By saying this, Malik blocks the road to the creation of an elite who took their authority and their position as an elite from their superior educated methodology of access to hadith by riwayat rather than a totally integrated human being in whose heart Allah had put a light.

Malik also said:

“The adab of Allah is the Qur’an” (courtesy, the transaction of the manners of Allah, is the Qur’an ) “The adab of the Messenger, sallallahu ‘alayhi wa salim, is the Sunna. The adab of the Salihun is the Fiqh.”

And here Malik, in that quintessential way, proving that the great statements of Islam can be made very simply, has indicated the basic triad on which Islam must be built. The adab of Allah is the Qur’an. The adab of the Messenger, salla’llahu ‘alayhi wa salim, is the Sunna. The adab of the Salihun is the fiqh.

So you will go from knowledge of the Qur’an to knowledge of the Sunna and directly to fiqh, directly to the functioning justice system. And the functioning justice system can only take place by the primal creation of an Amir who upholds that law and gives due place to the fuqaha’.

The second term of the triad is the Sunna. And we must understand this is the crucial dimension which has to be recovered and saved if we are not to lose the very thing that Malik is indicating. Because what Malik means by Sunna is behaviour – and we can now go to the Arabic language and remember that Sunna is synonymous with ‘amal: Sunna is action, and ‘amal is behaviour. Hadith is synonymous with athar, text, traces, documents. It is not synonymous with action in the language of man.

Ibn Mahdi said:

“There is no book after the Book of Allah, which is more beneficial for people, than the Muwatta’.”

Imam ash-Shafi’i said:

“There is no book of knowledge on the earth more correct than the book of Malik.”

Now, any book coming after it, any collection of hadith coming after this, would not displace Malik’s book from its primacy after the Qur’an al-Karim, because its prior position and its author and its place and its evidences place it above anything that would come, historically, after it. It cannot be displaced by anything coming after it and nothing can be more correct than it, when anything coming after it is dependent on it for isnad.

Sa’d al-Qurashi said:

“His hadith “- (Imam Malik’s, clearly stated) -“there is not one who rejects them in the entire universe.”

Now the asanid of the hadith of Malik were written, so even by the methodology that involved correcting hadith, the asanid and the hadith of Malik were written by Qadis – by Qadi Isma’il, Abu’l-Qasim al-Jawhari, Qasim ibn Asbah, Abu’l-Hasan al-Qabisi, Abu Dharr al-Harawi, Abu Bakr al-Qubab, Abu’l-Hasan ‘Ali ibn Khalaf, as-Sijilmasi, al-Matriz, Abu ‘Abdullah al-Jizi, Ahmad ibn Fahzad al-Farisi, Qadi Abu Mufarrij, Ibn al-A’rabi, Muhammad ibn Shurush as-Sa’ani, ‘Abdu’r-Rahman an-Nasa’i, Abu Muhammad ibn ‘Adi al-Jurjani, Ahmad ibn Ibrahim Jami’ as-Sakawi, Ibn ‘Ufayr, Abu ‘Abdullah as-Sirraj an-Nisapuri, Abu’l-‘Arab at-Tamimi, Abu Bakr ibn Ziyad an-Nisapuri, Abu Hafs ibn Shahin, ‘Abdu’l-‘Aziz ibn Salama, Abu’l-Qasim al-Andalusi, Abu ‘Umar ibn ‘Abdu’l-Barr, Qadi Ibn Mufarrij, and Muhammad ibn ‘Ishun at-Tutaytili. Ibn Habib and Muslim have a work on the subject of Malik’s shuyukh.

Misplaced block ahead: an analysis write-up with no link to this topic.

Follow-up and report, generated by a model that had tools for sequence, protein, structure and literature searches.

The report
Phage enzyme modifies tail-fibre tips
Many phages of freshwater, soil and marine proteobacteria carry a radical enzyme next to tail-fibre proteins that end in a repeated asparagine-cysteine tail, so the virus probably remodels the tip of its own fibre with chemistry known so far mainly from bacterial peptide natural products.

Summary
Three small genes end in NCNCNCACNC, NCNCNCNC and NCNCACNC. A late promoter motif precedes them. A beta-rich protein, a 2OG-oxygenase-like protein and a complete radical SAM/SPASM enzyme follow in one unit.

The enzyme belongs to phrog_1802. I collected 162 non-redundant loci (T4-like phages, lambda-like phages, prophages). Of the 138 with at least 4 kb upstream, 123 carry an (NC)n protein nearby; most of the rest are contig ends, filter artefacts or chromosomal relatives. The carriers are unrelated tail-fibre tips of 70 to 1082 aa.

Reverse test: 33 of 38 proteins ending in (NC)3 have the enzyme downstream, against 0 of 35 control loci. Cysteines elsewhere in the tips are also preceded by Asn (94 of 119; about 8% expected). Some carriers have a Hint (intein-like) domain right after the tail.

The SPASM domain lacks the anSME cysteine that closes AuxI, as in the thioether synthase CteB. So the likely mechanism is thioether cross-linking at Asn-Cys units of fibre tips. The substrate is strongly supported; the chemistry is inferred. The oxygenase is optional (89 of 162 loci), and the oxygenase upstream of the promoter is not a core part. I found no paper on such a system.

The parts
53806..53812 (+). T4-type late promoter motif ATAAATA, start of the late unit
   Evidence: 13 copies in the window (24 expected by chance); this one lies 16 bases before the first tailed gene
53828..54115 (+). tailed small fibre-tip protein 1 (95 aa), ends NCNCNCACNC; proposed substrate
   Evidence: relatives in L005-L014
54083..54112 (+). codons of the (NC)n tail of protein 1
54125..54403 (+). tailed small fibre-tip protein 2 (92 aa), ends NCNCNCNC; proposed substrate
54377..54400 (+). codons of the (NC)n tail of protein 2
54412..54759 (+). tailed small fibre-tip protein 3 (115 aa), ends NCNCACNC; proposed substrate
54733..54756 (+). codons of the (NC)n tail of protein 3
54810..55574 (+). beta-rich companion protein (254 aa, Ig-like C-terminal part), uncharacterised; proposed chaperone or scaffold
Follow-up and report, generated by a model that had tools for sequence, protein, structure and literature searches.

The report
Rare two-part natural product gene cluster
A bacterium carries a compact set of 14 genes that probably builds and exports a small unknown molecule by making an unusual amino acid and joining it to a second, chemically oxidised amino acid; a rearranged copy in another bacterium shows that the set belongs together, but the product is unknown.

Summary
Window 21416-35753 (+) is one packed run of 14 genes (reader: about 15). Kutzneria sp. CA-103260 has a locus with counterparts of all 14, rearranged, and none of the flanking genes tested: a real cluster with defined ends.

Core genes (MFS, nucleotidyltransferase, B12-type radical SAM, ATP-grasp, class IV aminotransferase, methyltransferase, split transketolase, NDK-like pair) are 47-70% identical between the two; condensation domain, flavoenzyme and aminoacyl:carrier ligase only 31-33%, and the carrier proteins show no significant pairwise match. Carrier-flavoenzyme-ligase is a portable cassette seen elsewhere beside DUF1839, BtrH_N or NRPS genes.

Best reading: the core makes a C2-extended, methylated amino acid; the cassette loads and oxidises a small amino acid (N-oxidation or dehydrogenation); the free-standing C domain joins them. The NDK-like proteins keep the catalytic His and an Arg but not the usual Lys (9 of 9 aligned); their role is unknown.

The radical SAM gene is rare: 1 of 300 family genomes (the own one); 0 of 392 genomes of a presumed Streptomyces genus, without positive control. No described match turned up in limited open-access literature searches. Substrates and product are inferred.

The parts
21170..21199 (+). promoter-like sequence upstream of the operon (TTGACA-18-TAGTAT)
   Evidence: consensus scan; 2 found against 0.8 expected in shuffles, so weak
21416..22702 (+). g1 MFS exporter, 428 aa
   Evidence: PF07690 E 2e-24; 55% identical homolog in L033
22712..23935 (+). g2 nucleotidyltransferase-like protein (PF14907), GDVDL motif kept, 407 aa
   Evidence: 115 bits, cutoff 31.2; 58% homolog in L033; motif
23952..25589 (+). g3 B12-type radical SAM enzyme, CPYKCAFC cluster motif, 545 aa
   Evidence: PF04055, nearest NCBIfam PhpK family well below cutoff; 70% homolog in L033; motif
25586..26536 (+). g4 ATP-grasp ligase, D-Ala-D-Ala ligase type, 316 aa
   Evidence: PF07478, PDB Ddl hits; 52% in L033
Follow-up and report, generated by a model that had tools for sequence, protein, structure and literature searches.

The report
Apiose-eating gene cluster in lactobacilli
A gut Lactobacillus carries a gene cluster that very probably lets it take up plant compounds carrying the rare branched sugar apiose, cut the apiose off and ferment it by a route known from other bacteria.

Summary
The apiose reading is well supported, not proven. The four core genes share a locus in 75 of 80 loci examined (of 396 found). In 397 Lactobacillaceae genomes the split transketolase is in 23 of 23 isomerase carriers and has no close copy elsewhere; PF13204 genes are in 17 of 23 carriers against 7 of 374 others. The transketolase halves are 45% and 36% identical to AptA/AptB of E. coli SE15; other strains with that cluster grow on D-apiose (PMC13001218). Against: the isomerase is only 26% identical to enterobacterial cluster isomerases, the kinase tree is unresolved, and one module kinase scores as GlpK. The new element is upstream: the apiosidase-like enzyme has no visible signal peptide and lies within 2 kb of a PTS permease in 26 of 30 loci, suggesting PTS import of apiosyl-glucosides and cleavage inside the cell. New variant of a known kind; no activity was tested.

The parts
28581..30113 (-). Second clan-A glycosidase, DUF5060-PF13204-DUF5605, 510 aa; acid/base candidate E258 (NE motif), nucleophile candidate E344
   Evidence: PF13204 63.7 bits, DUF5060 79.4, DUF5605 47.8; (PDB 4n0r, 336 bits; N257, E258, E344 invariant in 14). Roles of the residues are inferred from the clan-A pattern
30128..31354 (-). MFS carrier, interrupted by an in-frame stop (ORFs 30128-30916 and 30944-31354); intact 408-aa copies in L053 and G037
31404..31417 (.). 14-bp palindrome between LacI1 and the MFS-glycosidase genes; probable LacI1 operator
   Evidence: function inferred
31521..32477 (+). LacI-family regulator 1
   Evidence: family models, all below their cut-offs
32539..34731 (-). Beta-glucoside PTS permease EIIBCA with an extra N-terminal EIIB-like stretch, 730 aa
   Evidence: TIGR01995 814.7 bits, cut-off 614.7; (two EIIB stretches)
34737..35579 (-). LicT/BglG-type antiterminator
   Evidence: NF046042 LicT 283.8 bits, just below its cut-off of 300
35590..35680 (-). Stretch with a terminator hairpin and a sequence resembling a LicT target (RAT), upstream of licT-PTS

This is just to show that even within the later tradition, an enormous research was done on the asanid of the hadith of Imam Malik. Let us go further into the theme that we have been following. That was in reference to the Muwatta’. Now let us go back to Imam Malik.

One of the governors of Madinah said to Malik:

“Why do you not dye as your companions dye?” – (Why do you not henna the beard?)Malik replied, “Is that all you have left of justice, that I dye my beard?”

This is not an ordinary story of noble character. It is that if you take the Sunna – the living from the living – you will automatically know what is important and what is not important. If you take the Sunna from texts, every text that is authenticated has the same weight because it is the Sunna and it is on paper. So, the fact that you will give justice to a widow in her legal claim, or to the poor man, and to assess whether the man has stolen and should be cut, or whether he has stolen and should be forgiven, takes the same weight on paper as whether the beard is dyed.

Imam Malik is not simply demonstrating nobility of character, he is rejecting a point of view about knowledge of the Sunna of Rasulallah, salla’llahu ‘alayhi wa salim; he insists that you must follow the way of the fiqh and not the way of the report by which the Sunna of the behaviour is given the same status as the Sunna of justice. It is by this that we have today the people who are immaculately groomed, according to the Sunna, in their dress, in how they sit, in how they greet, in how they speak to each other, and who are not paying zakat, which is a fard of the deen, and the zakat cannot be collected without an Amir who appoints a zakat collector. According to the obligation, a zakat collector must have it in his character to collect the zakat and for this he must be appointed. Because if the man does not pay the zakat then the process has to be completed according to the Shari’a.

This is the politics of Malik fighting in Madinah for what has been totally lost and totally abandoned in this century.

Ma’n said: